- Oral presentation
- Open Access
How accurately can surface markers be placed on bony landmarks of the foot?
Journal of Foot and Ankle Research volume 5, Article number: O40 (2012)
The use of multi-segment foot models is becoming increasingly popular during clinical gait analysis. While numerous studies have established the repeatability of these models, the accuracy is more difficult to determine since measuring motion of the bones is a challenging task. One assumption influencing model accuracy is that surface markers can be placed precisely over palpated, bony landmarks. The aim of this study is to test this assumption by assessing marker placement using CT scans.
Materials and methods
Twenty female subjects (forty feet) participated in this study. All subjects had ECG electrodes attached to their lower limbs according to the positions required by the Oxford Foot Model . Positioning was performed by a single tester on all subjects. Subjects lay supine in the CT scanner, in a semi-weight-bearing position using a custom-built rig. The anatomical landmarks and the positions of the markers were identified on the scans using a pre-defined protocol. Intra- and inter-rater reliability were assessed. Marker placement accuracy was determined by assessing relevant components of the distance between markers and bony landmarks.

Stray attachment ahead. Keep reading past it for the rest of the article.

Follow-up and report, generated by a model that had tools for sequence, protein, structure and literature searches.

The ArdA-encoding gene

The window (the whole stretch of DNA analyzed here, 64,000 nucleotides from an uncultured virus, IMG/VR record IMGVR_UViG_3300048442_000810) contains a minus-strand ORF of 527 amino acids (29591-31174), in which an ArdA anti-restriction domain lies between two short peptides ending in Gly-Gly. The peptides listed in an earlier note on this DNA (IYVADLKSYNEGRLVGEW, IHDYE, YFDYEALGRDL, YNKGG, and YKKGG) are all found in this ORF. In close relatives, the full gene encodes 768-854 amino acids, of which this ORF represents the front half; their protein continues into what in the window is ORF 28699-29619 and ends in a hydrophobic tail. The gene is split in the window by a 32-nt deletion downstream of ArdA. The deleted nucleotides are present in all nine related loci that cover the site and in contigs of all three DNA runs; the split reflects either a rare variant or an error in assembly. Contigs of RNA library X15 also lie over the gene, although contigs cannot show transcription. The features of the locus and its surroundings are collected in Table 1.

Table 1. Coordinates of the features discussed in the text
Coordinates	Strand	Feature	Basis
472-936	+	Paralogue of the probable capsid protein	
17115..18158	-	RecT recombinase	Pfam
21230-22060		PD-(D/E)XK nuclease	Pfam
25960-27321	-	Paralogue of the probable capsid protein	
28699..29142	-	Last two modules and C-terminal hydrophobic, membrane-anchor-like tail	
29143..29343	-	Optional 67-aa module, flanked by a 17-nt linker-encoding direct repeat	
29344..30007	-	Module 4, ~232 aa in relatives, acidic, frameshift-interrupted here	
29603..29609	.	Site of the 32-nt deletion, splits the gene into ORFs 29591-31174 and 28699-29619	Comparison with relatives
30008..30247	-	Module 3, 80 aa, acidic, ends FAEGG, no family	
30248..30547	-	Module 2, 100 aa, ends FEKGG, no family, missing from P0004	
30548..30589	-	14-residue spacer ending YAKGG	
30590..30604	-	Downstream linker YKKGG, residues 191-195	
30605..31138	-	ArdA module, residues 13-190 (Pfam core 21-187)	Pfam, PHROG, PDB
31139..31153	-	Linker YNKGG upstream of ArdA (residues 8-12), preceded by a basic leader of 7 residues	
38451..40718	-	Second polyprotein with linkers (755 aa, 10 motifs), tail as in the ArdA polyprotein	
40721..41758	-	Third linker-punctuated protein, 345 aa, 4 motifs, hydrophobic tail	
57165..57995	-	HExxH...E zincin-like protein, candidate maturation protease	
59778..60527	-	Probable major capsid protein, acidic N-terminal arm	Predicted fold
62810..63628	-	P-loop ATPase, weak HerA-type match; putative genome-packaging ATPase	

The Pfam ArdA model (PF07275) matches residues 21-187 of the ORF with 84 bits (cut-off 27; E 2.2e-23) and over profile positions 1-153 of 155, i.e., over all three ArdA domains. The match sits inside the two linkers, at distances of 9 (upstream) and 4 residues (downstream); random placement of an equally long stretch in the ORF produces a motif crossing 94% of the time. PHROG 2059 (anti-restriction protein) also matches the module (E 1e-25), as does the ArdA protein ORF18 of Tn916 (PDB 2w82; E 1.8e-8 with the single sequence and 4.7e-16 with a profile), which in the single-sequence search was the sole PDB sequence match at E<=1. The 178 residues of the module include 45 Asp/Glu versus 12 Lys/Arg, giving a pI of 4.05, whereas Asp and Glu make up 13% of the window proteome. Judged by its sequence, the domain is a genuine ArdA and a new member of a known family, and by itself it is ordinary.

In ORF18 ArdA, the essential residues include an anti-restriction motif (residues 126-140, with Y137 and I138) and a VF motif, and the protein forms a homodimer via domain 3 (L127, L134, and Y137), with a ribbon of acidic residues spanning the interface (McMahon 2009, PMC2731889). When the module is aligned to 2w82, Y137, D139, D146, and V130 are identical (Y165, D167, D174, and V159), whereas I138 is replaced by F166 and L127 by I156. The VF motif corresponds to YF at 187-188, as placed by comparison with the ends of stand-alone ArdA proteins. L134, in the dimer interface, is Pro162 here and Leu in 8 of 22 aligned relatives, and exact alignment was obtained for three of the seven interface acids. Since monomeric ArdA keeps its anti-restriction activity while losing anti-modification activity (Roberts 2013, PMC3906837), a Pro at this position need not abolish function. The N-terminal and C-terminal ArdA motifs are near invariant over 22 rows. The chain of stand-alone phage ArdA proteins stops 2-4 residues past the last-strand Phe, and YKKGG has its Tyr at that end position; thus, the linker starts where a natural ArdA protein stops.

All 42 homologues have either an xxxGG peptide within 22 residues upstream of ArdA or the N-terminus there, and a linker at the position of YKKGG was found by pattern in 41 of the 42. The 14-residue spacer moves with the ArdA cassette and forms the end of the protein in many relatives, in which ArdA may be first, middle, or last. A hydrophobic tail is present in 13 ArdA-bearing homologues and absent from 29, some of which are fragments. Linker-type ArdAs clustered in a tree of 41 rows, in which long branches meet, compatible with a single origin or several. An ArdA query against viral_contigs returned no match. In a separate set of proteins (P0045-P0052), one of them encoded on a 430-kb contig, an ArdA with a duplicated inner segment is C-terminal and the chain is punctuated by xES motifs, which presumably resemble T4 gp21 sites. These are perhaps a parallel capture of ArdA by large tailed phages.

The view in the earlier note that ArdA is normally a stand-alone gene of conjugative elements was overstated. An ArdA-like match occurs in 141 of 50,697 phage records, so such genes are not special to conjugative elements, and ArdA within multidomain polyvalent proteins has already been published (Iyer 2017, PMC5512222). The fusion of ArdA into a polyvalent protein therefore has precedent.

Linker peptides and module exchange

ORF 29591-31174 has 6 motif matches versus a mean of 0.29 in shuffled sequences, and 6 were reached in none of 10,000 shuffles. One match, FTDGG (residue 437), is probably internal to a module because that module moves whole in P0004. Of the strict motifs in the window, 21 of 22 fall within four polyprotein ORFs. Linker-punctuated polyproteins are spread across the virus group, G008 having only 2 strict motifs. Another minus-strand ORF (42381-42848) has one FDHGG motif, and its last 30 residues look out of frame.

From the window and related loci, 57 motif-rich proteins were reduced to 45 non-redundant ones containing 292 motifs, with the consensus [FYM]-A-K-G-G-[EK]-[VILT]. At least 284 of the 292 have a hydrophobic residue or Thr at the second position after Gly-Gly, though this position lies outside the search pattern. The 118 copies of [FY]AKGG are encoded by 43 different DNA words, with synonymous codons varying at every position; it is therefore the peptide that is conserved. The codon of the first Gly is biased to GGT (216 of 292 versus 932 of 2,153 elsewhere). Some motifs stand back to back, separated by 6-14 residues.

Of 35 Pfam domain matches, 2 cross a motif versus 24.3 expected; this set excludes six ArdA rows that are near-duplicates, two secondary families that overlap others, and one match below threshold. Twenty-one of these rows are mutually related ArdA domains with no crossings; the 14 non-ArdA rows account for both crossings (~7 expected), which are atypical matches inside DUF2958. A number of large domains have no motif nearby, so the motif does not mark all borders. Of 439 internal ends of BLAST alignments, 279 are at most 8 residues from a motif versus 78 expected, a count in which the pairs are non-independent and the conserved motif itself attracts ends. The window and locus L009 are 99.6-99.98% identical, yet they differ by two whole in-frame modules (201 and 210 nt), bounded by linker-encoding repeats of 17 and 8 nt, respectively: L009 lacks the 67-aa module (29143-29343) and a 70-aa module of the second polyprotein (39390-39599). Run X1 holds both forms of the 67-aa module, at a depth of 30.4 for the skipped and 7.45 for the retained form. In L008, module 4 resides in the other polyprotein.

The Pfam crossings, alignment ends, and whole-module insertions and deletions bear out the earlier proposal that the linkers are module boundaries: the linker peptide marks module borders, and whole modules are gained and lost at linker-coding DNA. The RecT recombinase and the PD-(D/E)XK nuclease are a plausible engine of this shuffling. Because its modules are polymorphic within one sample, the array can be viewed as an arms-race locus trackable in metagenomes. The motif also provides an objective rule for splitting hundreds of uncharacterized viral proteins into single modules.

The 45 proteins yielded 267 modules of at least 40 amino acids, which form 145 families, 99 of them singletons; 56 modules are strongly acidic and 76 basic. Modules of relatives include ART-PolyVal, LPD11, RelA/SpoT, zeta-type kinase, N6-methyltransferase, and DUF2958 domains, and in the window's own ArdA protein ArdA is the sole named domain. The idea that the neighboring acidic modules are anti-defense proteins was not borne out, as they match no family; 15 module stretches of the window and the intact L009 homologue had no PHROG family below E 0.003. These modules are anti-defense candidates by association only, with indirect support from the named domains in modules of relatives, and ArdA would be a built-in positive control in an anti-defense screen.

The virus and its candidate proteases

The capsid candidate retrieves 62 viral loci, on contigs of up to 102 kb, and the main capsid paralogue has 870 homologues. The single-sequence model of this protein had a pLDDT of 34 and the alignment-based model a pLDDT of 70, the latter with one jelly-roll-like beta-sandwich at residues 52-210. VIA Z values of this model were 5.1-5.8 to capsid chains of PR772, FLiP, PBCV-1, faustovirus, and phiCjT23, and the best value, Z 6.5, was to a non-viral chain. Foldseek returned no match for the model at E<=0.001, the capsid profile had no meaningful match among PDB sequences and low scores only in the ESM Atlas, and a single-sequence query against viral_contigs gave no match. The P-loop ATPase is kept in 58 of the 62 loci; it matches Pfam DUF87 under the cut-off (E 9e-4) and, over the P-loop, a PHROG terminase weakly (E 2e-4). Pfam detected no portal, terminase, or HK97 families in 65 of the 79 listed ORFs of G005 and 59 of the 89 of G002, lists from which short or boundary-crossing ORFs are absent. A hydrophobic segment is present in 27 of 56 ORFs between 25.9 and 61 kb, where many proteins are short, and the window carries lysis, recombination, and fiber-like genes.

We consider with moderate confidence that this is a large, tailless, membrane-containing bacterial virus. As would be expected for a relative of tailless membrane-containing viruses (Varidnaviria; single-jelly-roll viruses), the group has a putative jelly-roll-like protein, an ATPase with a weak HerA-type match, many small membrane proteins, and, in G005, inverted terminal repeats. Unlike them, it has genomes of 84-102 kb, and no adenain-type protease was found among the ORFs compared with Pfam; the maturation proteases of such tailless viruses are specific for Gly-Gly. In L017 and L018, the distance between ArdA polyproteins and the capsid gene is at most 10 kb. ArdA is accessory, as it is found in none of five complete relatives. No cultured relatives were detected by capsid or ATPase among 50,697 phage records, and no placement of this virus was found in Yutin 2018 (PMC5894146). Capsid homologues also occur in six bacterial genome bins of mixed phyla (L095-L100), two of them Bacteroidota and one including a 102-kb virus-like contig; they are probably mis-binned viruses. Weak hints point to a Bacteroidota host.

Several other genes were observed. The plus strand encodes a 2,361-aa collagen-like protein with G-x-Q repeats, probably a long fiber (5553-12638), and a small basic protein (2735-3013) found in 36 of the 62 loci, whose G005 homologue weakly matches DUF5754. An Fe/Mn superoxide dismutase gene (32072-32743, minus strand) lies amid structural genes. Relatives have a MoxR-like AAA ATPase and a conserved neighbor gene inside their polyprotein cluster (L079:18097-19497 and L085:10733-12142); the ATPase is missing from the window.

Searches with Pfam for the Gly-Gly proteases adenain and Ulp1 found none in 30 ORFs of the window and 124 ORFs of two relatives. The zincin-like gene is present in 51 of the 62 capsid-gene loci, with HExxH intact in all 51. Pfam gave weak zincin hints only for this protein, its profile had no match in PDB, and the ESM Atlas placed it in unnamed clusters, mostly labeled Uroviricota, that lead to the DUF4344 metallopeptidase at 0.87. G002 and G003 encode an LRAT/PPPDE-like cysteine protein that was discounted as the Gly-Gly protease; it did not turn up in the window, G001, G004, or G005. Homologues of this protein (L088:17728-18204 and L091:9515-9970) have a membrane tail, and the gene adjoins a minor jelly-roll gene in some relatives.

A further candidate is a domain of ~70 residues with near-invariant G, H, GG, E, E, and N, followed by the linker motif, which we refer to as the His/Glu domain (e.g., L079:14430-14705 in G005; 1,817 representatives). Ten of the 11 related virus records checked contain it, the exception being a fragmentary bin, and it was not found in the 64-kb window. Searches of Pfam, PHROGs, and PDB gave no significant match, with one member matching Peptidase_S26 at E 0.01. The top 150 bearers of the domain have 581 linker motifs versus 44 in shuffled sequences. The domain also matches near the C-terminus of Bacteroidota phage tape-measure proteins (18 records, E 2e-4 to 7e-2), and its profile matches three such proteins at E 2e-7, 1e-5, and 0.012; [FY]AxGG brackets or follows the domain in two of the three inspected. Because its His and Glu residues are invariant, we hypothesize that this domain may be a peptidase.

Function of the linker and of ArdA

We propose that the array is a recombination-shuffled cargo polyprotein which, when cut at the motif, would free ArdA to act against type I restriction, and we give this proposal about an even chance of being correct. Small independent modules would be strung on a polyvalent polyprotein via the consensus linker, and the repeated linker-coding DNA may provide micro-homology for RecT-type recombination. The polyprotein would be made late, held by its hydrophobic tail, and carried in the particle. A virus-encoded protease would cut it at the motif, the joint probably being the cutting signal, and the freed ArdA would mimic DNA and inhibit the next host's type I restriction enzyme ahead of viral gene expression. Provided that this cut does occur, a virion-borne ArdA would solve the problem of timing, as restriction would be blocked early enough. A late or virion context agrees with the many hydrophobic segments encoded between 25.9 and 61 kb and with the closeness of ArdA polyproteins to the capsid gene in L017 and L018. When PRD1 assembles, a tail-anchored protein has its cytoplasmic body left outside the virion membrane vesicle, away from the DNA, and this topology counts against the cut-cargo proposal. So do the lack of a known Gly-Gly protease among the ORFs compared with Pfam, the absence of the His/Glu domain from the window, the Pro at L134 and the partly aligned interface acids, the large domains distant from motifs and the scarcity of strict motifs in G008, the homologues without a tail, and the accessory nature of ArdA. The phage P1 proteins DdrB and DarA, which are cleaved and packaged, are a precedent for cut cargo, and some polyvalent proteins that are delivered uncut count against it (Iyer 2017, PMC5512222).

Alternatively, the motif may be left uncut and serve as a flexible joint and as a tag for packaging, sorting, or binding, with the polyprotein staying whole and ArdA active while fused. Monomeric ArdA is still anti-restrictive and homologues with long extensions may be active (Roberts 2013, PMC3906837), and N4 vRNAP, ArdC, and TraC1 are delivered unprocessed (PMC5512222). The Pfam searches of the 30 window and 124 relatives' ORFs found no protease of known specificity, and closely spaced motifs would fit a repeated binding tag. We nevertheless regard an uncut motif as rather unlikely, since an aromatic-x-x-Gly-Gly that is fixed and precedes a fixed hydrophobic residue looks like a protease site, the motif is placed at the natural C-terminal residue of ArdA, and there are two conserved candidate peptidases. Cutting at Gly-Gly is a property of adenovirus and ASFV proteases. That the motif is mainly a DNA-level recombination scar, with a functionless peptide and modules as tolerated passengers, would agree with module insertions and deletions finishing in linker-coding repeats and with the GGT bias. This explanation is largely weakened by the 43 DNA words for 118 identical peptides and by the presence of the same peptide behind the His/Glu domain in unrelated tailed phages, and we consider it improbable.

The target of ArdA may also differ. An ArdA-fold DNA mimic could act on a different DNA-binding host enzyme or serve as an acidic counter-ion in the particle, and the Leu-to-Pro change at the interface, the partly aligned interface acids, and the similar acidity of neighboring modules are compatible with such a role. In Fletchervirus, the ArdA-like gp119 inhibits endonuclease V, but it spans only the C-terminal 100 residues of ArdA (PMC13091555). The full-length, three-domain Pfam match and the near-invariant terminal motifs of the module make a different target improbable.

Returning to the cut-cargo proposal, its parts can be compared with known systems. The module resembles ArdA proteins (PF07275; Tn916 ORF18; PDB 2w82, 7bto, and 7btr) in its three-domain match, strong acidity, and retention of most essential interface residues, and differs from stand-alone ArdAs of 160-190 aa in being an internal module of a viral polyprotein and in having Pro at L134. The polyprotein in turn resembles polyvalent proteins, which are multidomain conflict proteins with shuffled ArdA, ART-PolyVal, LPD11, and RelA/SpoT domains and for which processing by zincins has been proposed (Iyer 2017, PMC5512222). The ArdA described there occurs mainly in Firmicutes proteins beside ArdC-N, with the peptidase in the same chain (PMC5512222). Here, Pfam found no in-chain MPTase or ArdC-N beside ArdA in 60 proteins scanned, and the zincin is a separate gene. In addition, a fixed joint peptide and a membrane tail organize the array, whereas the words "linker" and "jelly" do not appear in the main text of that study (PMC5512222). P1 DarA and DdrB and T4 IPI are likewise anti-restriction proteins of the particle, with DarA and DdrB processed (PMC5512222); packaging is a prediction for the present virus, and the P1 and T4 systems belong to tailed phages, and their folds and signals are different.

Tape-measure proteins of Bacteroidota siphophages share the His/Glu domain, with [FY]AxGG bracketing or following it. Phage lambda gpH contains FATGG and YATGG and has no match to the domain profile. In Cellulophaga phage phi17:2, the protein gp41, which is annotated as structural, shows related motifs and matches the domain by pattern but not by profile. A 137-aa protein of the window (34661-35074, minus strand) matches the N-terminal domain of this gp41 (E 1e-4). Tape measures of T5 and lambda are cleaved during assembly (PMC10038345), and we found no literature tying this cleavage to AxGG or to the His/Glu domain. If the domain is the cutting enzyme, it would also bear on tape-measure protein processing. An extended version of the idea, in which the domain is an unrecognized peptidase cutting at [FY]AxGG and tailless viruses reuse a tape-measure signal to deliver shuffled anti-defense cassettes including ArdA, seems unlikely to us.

Good intra- and inter-rater reliability was demonstrated for identifying markers on the CT images (Table 1). The average distance between bony landmarks and marker positions differed according to position on the foot (Figure 1). The mean error was lowest for the base of 5th metatarsal marker (1.2 mm) and highest for the base of 1st metatarsal (12.7 mm). There was a systematic offset for this marker, due to slight differences in definition for placing the marker on the skin, and identifying the bony landmark on CT images. Of the nine marker positions analysed, seven markers had a mean error of less than 5 mm.
Surface markers can be placed accurately over bony landmarks on the foot; however, some positions can be more precisely palpated than others. This should be taken into account when interpreting results from multi-segment foot models.
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